The game is separated from just one long road by stopping off at different locations every so often, and here there are cutscenes where you will meet further new characters. The choice in which location to stop off next however seems the only way to influence the outcome of the story. I can play Lella as an awful person, particularly to Olga, but she still wants to cadge a lift to France with me despite me ignoring her the whole journey. The only way to influence her to leave is in a pre-determined cutscene which differs depending on whether I turned right or carried straight on. This feels a bit restrictive knowing that there are only four or five ways to change the outcome. There are still 16 endings which is a decent amount, but you quickly find out how and where your actions have any real bearing on the game.

There are 25 achievements in the game, and most are fairly simple. 16 achievements are related to finding each of the different endings, and then there are achievements for completing miscellaneous stuff in the game, none of which are really very difficult. A completion should take no longer than 8-10 hours, but the game is priced accordingly at around £7.99.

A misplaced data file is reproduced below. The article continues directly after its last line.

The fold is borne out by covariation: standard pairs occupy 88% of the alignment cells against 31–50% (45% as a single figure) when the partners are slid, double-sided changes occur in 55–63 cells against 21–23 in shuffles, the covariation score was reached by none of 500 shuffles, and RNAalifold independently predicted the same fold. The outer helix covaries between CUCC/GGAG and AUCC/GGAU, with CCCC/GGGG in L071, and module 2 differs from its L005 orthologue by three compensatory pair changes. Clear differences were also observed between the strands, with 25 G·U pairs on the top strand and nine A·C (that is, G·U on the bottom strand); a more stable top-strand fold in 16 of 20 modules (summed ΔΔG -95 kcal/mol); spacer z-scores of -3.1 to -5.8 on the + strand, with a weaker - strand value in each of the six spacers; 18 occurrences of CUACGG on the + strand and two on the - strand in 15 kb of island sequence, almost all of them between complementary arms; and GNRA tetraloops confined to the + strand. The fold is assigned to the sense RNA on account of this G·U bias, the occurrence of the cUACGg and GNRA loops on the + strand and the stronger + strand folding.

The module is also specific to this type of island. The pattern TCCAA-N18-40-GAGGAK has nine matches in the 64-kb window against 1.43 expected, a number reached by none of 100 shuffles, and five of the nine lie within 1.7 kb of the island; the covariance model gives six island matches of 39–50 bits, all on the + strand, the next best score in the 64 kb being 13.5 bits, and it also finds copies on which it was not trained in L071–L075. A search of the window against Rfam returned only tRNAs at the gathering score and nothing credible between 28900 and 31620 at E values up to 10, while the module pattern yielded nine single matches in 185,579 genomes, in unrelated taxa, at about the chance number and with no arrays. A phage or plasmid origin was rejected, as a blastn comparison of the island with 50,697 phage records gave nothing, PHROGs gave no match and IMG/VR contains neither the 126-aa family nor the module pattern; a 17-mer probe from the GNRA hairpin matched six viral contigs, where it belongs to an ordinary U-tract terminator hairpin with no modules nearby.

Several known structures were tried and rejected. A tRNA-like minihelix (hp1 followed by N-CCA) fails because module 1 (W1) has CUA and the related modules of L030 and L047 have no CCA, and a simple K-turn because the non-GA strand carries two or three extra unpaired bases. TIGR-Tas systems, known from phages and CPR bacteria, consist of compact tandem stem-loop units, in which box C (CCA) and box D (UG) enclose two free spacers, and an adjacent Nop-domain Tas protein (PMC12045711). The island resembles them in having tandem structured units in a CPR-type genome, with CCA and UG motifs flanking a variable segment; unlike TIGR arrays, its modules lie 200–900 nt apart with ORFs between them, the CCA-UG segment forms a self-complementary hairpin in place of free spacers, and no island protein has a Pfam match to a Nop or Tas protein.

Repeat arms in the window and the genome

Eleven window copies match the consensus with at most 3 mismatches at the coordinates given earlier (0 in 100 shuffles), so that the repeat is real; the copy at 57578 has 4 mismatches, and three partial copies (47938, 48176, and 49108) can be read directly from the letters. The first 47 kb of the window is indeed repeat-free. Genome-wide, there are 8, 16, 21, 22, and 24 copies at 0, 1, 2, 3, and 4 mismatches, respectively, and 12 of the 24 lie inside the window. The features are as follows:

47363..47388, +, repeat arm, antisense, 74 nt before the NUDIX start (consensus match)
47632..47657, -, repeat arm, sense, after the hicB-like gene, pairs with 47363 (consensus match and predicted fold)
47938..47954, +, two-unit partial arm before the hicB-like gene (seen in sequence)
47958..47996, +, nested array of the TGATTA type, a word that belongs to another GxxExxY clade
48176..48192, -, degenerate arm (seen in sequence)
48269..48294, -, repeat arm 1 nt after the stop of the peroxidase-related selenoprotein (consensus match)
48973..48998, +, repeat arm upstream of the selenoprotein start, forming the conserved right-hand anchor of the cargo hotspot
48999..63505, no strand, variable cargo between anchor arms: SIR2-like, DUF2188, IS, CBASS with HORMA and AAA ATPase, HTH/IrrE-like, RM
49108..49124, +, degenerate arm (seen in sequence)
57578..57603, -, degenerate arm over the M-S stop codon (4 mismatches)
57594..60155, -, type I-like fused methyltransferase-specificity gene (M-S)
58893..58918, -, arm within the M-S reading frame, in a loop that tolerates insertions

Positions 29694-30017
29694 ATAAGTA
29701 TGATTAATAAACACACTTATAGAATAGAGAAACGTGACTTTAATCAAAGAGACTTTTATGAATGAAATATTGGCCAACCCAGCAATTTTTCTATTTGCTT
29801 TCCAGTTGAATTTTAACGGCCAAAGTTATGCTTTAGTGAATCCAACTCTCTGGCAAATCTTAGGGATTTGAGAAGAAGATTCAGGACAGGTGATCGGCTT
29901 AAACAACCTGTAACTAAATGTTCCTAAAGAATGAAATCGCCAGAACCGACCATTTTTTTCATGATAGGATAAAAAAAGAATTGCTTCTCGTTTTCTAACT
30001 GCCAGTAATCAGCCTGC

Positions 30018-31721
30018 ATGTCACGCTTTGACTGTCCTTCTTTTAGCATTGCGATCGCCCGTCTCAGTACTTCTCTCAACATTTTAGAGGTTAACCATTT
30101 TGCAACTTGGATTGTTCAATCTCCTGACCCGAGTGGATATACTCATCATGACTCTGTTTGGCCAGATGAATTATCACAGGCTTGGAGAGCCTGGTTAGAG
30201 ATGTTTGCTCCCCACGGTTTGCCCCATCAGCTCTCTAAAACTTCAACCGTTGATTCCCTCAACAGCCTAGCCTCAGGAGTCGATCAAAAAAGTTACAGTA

For anyone looking for a refreshing change from open-world time sinks after the glut of Mafia III, Watch Dogs 2, Skyrim: SE and Final Fantasy XV, Wheels of Aurelia may be the perfect game for you. Each playthrough takes no longer than 20 minutes and it can be completed in a tenth of the time these games take. It’s also recommended to those that like getting the most out of games as by the end you will have a preferred ending and despite its short length, it’s a game people can have different experiences with and then share those stories with each other, much like the most successful AAA titles.

Richard Dobson
Richard Dobson
Avid gamer since the days of Sonic the Hedgehog 2. Grew up with the PS1 and PS2 but changed allegiances in 2007 with the release of Halo 3.